Real-time tracking of the current position
Nevertheless, most of the people prefer their mobile devices over plain old paper to keep track of their position. BikeRoll offers a mobile based solution as well. It is again as simple as possible. You do not even need to download an app or install anything on your smartphone. The tracking is done in the browser. Once the route is opened in a browser red concentric circles will show your actual position. If the browser is kept open while biking, the actual position is updated, thus, one can see where he is on the route (or how far he is from the route :)). It is very comfortable, especially because the site has a nice mobile friendly design. The whole tracking requires no interaction with your phone.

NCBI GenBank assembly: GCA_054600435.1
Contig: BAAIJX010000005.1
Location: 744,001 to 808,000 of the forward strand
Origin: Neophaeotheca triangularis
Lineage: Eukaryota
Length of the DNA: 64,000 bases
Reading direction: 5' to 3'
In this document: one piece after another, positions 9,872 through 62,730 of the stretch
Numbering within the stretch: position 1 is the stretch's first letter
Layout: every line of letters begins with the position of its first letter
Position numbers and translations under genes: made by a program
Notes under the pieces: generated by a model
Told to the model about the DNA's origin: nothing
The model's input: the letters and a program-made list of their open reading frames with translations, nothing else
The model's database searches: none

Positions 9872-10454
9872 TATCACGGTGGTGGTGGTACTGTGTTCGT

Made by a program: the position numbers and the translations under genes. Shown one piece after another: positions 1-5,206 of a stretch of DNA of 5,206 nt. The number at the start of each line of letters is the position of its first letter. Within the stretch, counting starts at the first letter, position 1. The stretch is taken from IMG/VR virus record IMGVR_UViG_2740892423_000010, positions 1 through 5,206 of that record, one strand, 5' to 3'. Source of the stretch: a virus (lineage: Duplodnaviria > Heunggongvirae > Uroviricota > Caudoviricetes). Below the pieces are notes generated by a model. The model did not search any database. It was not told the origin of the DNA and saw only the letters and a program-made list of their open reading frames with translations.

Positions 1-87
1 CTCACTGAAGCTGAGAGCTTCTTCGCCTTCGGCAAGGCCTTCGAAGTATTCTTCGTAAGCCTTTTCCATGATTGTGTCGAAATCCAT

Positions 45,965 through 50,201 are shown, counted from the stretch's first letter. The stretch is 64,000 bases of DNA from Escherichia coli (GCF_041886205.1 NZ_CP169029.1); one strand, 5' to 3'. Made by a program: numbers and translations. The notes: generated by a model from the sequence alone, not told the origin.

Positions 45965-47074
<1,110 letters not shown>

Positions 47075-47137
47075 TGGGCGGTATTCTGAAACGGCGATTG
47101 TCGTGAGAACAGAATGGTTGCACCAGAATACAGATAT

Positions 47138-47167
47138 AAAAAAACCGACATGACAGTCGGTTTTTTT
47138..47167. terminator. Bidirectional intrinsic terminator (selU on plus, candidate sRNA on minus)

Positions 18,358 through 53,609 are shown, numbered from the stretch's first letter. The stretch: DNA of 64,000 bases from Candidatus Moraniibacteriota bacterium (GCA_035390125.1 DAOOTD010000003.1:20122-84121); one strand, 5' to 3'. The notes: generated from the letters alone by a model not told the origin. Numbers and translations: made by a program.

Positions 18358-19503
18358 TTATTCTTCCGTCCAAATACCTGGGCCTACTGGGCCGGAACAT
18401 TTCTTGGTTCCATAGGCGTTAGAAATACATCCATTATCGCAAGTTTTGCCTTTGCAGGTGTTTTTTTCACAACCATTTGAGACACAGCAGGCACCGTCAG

In a nutshell
Generally speaking, BikeRoll is a simple, easy to use tool to plan bike routes. It does not want to force anything on the user. Its goal seems to be to enter the site, plan the route, and ride the track. To be honest, if there is one feature that I miss it’s that the routes cannot be saved. There is the possibility to save it as a bookmark, but that is not the same as having a nice interface on the site. Of course this feature would require registration but I would go through a simple registration process to have it. Nevertheless, I would recommend BikeRoll for every biker, it’s definitely worth a try.